Since the trial court dismissed the contribution action on an order of summary judgment, we must engage in the same inquiry as the trial court. A summary judgment may not be granted unless there is no genuine issue as to any material fact, considering all facts submitted and all reasonable inferences from the facts in the light most favorable to United Pacific. See Zehring v. Bellevue, 99 Wn.2d 488, 493, 663 P.2d 823 (1983).
The record includes the deposition of Jerome Leveque, claims manager for United Pacific. Leveque acknowledged that Gloria Farrow's alleged negligence had been discussed in the settlement negotiations between United Pacific and the Farrows. When the Farrows continued to reject United Pacific's argument that Gloria was negligent, Leveque explained, "we then fell back to see, how can we still get this settled and protect our policy holder, and yet develop what we feel is a legitimate recovery of funds paid." United Pacific began to consider the possibility of a contribution action against Gloria shortly before the Farrows settled their claim. According to Leveque, United Pacific was not certain prior to settlement that a contribution action was available, but drafted the settlement agreement in such a way as to preserve any rights to contribution it might have. Leveque admitted that, to his knowledge, the Farrows' attorney was never told prior to settlement that United Pacific intended to pursue a contribution action against Gloria. In his words, "we told him nothing."
The record also contains the affidavit of Gail Holden, the attorney who represented the Farrows throughout the settlement negotiations. Holden stated that Gloria Farrow's alleged negligence had been a key point in the settlement negotiations. He further stated that United Pacific had not told him prior to settlement that it intended to pursue contribution against Gloria. Finally, Holden asserted that it *384 had been his understanding that the $50,000 settlement had compromised the issue of Gloria's negligence.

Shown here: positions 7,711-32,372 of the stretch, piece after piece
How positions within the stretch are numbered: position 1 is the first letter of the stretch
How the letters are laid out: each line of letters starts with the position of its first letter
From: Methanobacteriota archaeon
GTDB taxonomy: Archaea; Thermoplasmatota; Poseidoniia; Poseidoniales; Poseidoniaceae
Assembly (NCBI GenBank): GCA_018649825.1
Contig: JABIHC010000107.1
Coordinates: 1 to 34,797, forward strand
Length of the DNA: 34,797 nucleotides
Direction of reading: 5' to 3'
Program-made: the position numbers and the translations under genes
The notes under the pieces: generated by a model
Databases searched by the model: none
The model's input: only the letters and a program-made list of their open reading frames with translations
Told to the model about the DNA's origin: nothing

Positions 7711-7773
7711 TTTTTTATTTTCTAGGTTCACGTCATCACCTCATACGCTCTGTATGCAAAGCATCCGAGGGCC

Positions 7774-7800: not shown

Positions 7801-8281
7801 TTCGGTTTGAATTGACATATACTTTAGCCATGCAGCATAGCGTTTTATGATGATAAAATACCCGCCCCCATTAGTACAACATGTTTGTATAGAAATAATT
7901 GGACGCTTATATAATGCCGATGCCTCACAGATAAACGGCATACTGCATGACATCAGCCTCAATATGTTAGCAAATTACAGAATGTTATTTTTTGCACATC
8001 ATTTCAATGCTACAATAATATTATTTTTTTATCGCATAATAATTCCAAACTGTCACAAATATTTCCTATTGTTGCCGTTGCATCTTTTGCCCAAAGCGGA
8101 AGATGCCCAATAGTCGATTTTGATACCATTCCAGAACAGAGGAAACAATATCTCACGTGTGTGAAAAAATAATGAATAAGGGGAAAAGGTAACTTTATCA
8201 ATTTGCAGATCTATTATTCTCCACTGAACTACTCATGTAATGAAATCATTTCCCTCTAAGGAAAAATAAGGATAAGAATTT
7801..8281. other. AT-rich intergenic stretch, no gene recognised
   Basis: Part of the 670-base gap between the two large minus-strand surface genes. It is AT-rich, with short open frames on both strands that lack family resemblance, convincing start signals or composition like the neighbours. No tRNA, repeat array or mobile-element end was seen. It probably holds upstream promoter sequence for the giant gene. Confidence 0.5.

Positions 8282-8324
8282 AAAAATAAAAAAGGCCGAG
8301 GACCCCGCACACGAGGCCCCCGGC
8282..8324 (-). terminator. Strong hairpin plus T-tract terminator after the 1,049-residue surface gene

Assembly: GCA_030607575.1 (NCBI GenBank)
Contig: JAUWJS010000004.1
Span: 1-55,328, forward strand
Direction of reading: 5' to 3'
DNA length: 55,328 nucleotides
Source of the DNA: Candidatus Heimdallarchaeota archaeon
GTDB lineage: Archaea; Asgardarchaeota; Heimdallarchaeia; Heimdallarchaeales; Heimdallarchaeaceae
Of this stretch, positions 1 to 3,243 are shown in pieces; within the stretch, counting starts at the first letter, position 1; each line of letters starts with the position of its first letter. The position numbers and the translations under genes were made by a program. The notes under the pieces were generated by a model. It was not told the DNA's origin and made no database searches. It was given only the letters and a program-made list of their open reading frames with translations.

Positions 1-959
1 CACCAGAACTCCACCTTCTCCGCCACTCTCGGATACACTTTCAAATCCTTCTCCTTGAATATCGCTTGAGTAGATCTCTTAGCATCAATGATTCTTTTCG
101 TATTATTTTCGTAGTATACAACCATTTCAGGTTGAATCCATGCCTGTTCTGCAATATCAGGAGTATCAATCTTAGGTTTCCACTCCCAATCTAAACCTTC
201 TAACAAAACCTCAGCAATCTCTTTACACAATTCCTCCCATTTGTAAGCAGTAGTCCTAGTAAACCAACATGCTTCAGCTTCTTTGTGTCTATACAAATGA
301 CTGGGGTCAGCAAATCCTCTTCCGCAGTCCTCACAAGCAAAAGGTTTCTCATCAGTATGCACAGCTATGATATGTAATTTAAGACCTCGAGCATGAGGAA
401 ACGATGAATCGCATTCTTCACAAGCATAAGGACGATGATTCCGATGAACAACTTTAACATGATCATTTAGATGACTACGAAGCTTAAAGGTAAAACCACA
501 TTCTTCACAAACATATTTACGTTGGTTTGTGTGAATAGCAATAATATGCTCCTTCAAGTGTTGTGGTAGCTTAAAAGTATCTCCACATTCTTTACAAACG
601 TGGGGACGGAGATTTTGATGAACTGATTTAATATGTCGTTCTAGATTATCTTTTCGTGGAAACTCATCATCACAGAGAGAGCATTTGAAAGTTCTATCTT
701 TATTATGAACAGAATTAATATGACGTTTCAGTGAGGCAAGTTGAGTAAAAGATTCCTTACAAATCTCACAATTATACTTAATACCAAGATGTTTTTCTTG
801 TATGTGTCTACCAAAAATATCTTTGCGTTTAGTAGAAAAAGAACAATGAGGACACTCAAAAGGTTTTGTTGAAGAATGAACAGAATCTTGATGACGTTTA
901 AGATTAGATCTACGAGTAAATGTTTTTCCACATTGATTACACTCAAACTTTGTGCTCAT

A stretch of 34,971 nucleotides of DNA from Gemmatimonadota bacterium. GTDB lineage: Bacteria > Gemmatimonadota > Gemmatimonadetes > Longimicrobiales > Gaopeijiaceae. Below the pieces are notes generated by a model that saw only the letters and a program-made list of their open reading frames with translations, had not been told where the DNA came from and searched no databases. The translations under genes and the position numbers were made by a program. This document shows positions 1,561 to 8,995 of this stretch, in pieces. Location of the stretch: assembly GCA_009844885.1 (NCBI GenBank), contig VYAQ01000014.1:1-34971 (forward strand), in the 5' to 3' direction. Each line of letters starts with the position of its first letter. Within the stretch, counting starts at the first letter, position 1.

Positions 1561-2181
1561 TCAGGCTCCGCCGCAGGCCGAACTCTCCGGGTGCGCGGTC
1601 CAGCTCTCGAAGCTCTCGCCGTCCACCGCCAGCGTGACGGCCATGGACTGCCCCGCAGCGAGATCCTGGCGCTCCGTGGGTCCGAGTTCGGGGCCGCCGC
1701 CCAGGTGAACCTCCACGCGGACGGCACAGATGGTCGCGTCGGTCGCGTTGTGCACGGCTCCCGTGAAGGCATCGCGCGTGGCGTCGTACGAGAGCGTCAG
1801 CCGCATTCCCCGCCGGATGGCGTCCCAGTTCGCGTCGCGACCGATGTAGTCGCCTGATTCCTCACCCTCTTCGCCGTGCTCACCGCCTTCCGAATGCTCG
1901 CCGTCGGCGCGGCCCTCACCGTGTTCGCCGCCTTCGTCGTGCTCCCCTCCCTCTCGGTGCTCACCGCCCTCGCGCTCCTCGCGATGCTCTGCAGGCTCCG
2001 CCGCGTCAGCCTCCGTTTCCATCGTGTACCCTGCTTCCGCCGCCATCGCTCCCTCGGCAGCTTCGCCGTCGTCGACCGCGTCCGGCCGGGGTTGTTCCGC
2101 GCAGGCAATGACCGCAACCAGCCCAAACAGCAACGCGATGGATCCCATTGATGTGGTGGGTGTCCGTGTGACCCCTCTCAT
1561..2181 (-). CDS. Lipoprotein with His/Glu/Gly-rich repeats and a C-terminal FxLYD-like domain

Finally, the record contains the affidavit of James Farrow, Gloria's husband. James stated that he and Gloria accepted the $50,000 settlement offer in the belief that they were thereby resolving all claims arising out of Michael's death. James also noted that United Pacific did not inform him or Gloria that it intended to sue Gloria for contribution. Had the Farrows been so informed, they would not have accepted United Pacific's settlement offer or signed the release.
In view of these facts, we believe United Pacific is estopped from bringing this contribution action. Following negotiations in which United Pacific consistently argued that the Farrows' recovery should be reduced because of Gloria Farrow's contributory negligence, United Pacific offered the Farrows $50,000 in settlement of their claim against the Wendles. Under these circumstances, the settlement offer operated as a statement that United Pacific had taken Gloria's alleged negligence into account, and would pay the Farrows a total of $50,000 if they would settle their claim. The Farrows, relying on this statement, and unaware that United Pacific was considering bringing a contribution claim against Gloria, accepted the $50,000. If United Pacific were now permitted to sue Gloria for contribution, thereby effectively repudiating its earlier statement that it would pay a total of $50,000 to the Farrows, the Farrows would suffer injury. Therefore all the elements of equitable estoppel are present. Furthermore, since the facts upon which we rely are undisputed on the record, there are no genuine issues of material fact which would prevent us from affirming the trial court's grant of summary judgment. See Zehring v. Bellevue, supra.
We direct United Pacific's attention to RCW 48.01.030, which provides:The business of insurance is one affected by the public interest, requiring that all persons be actuated by good faith, abstain from deception, and practice honesty and *385 equity in all insurance matters. Upon the insurer, the insured, and their representatives rests the duty of preserving inviolate the integrity of insurance.
WILLIAMS, C.J., ROSELLINI, UTTER, DOLLIVER, DORE, DIMMICK, and PEARSON, JJ., and CUNNINGHAM, J. Pro Tem., concur.